That would push the city’s retirement costs up to $1.3 billion. Councilman Paul Koretz, who heads a committee on personnel issues, voiced fears about the city’s ability to absorb such an increase in hard times.
“If we had a big economic downturn,” he said, “we’d have to fill [the gap] by reducing services and probably laying people off.”
The last time Los Angeles faced a recession, the city’s elected officials were caught off guard.
When the downturn hit in 2008, they had just approved five years of employee raises totaling nearly 25% for most civilian city workers. They also had hired hundreds of new police officers.
What followed were service rollbacks in libraries, parks, the Fire Department and other agencies — and the departure of thousands of city employees. The crisis was exacerbated by major investment losses for the city’s pension funds, which made the budget picture worse.
The city’s pension agencies have seen stronger returns since the recession. But elected officials are about to confront a new round of challenges.
The Looming Pension Threat
In June, the agency that oversees pensions for retired police officers and firefighters cut its “assumed rate of return” — its yearly earnings projection — from 7.5% to 7.25%. The Fire and Police Pensions board concluded that their investments would not produce returns as strong as previously forecast.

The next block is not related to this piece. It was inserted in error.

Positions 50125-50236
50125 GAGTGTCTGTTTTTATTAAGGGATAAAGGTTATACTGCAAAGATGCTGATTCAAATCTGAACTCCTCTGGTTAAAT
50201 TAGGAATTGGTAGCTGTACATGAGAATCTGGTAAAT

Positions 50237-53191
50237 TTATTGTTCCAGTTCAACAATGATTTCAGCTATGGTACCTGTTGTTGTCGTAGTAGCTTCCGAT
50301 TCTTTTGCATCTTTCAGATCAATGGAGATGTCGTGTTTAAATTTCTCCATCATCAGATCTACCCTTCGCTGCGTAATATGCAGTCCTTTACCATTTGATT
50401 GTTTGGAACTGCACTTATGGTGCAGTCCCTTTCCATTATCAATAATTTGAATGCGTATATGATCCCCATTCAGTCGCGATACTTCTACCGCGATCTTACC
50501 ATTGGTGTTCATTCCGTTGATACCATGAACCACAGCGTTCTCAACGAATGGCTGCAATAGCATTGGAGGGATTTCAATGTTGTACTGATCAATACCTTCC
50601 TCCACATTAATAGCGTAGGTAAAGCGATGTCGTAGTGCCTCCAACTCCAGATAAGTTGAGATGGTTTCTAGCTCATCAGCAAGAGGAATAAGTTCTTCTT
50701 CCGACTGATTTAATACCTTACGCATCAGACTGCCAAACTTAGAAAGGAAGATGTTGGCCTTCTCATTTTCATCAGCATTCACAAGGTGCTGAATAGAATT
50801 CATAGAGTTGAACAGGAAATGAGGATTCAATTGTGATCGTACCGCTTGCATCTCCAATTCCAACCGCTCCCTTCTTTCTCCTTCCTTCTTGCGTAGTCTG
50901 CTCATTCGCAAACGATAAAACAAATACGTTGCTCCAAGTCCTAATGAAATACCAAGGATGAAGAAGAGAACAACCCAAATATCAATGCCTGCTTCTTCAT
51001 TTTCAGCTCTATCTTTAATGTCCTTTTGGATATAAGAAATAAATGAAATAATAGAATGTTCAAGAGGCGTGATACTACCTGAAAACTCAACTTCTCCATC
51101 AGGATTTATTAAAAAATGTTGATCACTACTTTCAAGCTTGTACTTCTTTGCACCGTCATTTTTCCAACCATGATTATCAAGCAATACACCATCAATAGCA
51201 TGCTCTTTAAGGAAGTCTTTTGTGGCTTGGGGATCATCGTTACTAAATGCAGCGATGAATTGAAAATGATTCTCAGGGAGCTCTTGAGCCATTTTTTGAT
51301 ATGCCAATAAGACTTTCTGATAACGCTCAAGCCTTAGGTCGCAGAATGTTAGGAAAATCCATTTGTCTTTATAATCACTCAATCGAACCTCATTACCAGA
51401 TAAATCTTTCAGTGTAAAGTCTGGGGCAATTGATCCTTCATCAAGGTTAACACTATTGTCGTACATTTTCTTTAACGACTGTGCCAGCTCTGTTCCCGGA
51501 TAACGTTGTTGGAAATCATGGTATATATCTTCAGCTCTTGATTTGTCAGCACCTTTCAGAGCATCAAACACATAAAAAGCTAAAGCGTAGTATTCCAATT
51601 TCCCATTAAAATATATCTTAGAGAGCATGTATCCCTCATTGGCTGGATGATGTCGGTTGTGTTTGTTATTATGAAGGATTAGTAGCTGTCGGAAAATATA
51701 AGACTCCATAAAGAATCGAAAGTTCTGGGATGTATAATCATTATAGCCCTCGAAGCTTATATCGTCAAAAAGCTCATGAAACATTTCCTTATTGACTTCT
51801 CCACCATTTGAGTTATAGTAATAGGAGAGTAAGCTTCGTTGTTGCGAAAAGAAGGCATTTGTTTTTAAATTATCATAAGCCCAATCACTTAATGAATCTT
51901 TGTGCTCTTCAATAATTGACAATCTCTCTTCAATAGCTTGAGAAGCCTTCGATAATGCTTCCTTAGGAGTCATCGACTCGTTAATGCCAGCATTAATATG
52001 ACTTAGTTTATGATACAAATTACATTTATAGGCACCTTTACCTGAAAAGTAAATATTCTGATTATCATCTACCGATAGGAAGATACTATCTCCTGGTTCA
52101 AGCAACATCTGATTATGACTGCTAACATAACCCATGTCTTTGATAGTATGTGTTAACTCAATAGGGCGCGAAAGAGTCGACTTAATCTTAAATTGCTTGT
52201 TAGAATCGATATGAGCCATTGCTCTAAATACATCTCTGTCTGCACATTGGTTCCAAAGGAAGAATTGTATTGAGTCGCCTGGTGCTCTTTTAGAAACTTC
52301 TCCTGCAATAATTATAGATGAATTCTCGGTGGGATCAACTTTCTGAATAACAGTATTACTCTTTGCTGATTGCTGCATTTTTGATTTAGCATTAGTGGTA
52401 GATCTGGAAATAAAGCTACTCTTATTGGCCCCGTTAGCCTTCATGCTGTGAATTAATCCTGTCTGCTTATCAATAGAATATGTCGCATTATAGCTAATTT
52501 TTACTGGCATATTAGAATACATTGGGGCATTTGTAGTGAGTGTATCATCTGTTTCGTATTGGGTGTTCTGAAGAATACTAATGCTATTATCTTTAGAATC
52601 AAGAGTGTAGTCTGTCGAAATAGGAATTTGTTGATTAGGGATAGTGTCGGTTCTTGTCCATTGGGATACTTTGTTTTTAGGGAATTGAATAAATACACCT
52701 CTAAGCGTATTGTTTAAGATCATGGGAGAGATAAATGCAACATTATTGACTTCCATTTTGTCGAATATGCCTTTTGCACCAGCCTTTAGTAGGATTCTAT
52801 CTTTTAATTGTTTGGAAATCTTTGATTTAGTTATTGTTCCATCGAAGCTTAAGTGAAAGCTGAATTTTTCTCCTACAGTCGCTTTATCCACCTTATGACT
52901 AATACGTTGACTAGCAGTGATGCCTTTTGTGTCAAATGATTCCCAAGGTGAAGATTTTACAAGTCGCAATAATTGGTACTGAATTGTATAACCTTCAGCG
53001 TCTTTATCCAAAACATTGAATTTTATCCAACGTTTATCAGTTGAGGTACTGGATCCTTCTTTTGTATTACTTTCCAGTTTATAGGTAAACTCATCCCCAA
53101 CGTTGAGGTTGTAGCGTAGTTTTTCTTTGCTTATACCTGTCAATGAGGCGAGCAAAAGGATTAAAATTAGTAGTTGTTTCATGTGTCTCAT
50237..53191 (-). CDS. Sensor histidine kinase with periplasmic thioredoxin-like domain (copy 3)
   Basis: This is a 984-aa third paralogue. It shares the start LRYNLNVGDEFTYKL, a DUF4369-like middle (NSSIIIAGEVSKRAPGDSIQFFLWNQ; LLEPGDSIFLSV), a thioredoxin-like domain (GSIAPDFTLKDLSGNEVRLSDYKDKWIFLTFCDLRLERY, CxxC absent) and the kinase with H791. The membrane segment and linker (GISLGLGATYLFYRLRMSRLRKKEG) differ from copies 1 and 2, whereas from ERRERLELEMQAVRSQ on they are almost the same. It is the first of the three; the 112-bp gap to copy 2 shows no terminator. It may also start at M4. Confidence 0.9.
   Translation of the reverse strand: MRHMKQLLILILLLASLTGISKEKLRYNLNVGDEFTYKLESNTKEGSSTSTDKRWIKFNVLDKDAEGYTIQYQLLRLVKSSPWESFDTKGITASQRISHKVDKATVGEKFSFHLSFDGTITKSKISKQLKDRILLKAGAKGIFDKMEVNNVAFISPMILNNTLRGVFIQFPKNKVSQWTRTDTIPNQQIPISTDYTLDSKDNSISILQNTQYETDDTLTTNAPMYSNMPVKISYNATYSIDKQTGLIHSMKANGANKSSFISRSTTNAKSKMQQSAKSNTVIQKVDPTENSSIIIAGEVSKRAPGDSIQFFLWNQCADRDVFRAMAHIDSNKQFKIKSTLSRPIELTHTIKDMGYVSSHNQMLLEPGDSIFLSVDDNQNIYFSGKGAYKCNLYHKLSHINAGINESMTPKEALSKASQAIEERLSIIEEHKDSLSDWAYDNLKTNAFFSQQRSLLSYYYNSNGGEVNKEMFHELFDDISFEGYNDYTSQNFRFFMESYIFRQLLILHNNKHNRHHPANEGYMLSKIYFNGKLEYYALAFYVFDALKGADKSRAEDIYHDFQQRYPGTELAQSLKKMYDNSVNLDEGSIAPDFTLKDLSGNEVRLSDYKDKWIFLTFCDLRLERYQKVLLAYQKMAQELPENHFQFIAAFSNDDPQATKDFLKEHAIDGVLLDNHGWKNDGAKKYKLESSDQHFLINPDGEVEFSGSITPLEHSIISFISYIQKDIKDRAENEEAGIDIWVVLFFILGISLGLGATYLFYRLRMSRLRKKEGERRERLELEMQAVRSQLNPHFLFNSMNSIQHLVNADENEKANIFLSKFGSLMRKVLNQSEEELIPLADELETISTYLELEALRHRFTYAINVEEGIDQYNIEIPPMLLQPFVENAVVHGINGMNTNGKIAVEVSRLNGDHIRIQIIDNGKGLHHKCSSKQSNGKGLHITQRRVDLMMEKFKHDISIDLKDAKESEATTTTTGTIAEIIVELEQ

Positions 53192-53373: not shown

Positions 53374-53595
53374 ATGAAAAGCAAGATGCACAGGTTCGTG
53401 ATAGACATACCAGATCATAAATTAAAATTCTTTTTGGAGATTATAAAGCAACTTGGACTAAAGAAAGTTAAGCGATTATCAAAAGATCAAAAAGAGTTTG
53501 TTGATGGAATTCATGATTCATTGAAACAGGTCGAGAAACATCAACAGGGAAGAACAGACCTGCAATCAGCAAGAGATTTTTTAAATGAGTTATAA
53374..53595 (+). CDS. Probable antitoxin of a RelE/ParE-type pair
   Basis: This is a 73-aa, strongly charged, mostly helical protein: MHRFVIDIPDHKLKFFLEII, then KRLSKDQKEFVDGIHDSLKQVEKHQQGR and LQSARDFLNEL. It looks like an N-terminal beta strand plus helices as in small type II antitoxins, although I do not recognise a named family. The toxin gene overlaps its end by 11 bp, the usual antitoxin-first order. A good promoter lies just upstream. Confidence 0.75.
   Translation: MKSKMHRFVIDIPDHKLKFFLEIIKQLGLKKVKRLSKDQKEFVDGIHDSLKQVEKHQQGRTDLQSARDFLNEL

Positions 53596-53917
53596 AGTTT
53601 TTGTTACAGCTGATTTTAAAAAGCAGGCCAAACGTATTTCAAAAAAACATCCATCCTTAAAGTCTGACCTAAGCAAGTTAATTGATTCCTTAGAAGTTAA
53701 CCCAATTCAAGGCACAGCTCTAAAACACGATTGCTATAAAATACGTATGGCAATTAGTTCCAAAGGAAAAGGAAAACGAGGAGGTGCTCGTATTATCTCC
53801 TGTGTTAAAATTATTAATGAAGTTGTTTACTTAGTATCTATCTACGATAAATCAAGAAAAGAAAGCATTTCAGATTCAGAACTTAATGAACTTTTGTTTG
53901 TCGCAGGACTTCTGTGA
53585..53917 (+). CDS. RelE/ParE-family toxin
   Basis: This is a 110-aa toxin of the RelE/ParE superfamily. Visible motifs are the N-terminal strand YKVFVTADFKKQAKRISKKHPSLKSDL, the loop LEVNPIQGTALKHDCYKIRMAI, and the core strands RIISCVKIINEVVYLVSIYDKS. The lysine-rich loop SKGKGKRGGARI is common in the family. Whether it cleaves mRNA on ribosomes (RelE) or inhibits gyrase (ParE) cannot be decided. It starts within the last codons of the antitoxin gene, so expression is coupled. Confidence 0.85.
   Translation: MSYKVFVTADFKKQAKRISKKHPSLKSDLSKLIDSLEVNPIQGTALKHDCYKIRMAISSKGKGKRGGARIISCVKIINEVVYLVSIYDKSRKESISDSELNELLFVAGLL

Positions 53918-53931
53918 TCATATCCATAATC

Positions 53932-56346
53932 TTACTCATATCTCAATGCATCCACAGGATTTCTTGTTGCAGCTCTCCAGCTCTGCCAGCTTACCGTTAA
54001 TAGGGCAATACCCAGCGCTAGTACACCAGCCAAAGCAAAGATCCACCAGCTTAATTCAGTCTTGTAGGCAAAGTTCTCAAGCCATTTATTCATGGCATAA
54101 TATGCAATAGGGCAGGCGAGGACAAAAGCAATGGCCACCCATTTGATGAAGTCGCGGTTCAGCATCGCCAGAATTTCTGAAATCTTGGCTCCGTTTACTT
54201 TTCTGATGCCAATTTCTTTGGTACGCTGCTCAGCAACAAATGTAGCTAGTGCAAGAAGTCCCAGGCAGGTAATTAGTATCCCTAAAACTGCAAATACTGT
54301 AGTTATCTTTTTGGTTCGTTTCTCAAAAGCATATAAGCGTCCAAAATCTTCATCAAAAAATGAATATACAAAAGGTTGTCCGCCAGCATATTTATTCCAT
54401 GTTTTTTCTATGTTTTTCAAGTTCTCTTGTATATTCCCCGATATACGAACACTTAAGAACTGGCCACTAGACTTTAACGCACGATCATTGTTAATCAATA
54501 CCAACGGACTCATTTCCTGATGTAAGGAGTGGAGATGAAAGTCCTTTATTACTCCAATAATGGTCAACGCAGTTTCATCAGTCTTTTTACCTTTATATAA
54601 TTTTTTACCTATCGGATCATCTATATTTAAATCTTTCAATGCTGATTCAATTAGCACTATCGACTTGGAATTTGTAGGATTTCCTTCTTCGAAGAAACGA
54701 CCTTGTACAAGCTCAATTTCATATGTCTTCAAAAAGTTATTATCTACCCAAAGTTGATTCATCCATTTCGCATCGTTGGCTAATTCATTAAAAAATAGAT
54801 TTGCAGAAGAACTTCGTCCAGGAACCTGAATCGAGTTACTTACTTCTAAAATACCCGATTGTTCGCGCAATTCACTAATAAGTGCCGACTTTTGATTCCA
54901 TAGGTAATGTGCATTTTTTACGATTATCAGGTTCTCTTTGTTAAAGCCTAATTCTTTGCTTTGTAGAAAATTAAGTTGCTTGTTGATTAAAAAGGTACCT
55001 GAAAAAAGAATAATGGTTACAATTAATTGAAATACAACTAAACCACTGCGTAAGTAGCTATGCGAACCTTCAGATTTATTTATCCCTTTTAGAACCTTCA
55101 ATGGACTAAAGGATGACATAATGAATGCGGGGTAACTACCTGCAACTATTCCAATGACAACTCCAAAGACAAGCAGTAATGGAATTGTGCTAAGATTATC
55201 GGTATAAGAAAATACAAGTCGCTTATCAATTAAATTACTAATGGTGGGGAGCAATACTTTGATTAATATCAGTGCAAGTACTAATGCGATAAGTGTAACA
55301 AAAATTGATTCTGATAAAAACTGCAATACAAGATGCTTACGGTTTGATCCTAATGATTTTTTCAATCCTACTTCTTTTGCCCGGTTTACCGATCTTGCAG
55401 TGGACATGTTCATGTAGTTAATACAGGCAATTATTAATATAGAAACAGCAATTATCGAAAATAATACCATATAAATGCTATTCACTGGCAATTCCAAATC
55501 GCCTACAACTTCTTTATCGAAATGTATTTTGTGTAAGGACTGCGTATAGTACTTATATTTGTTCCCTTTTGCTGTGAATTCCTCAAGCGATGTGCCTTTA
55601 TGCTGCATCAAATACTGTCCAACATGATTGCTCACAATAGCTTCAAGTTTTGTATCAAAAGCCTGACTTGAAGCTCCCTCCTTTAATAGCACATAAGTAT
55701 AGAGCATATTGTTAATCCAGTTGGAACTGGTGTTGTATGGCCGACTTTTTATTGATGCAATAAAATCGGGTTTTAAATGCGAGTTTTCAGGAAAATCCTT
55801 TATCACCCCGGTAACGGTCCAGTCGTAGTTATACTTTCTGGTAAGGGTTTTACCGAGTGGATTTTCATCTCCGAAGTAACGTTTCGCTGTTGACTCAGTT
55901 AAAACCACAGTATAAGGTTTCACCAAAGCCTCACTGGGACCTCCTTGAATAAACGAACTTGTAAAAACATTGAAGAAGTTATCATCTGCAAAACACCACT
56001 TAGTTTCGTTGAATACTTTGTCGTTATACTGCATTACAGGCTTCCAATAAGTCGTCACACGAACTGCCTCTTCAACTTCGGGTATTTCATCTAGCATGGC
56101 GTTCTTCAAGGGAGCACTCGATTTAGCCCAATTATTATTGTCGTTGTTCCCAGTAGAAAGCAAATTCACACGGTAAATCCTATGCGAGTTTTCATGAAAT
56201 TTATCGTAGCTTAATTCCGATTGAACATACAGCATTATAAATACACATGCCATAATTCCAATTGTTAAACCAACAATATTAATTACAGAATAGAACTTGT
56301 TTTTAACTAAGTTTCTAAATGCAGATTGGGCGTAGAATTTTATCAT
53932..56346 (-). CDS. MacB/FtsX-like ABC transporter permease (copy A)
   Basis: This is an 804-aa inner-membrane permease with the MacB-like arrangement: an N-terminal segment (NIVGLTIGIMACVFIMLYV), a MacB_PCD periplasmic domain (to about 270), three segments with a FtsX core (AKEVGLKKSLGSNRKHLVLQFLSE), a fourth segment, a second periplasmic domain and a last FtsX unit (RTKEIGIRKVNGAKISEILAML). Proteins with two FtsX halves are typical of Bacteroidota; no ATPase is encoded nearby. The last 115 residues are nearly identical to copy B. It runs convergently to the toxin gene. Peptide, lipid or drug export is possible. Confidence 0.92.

When the pension board reduces its investment projections, taxpayers — and the city budget — frequently make up the difference. But the board also updated its long-range forecast to reflect the reality that its retirees are living longer and will need pensions for a greater number of years.
Those actions are expected to increase the city’s employee retirement costs by $84 million next year, according to recent estimates.
A second pension board, which serves civilian city workers, is set to consider a similar set of costly changes. If it follows the lead of Fire and Police Pensions, the city could see at least $38 million in added costs, officials say.
The increased retirement costs are set to hit the city budget next year, when Garcetti and the council are slated to finalize new contracts with two big employee groups: the Police Protective League, which represents rank-and-file police officers, and the Coalition of L.A. City Unions, which represents civilian workers.
Art Sweatman, a tree surgeon supervisor with the Bureau of Street Services, said many city workers are struggling to keep up with rising rents and home prices.
“We need to keep up with the cost of living,” he added.
For every 1% pay increase given to police officers and coalition workers, the city will need to spend an additional $22 million, according to city estimates. And because pension benefits are based on salaries, those raises will ultimately add to the overall retirement burden.
City budget analysts say their pension cost projections could change significantly depending on hiring decisions, the size of raises and the economic performance of the two funds. But if their figures prove to be accurate and retirement costs grow by nearly 20%, the city would have to cut spending, bring in more money or tap reserve funds.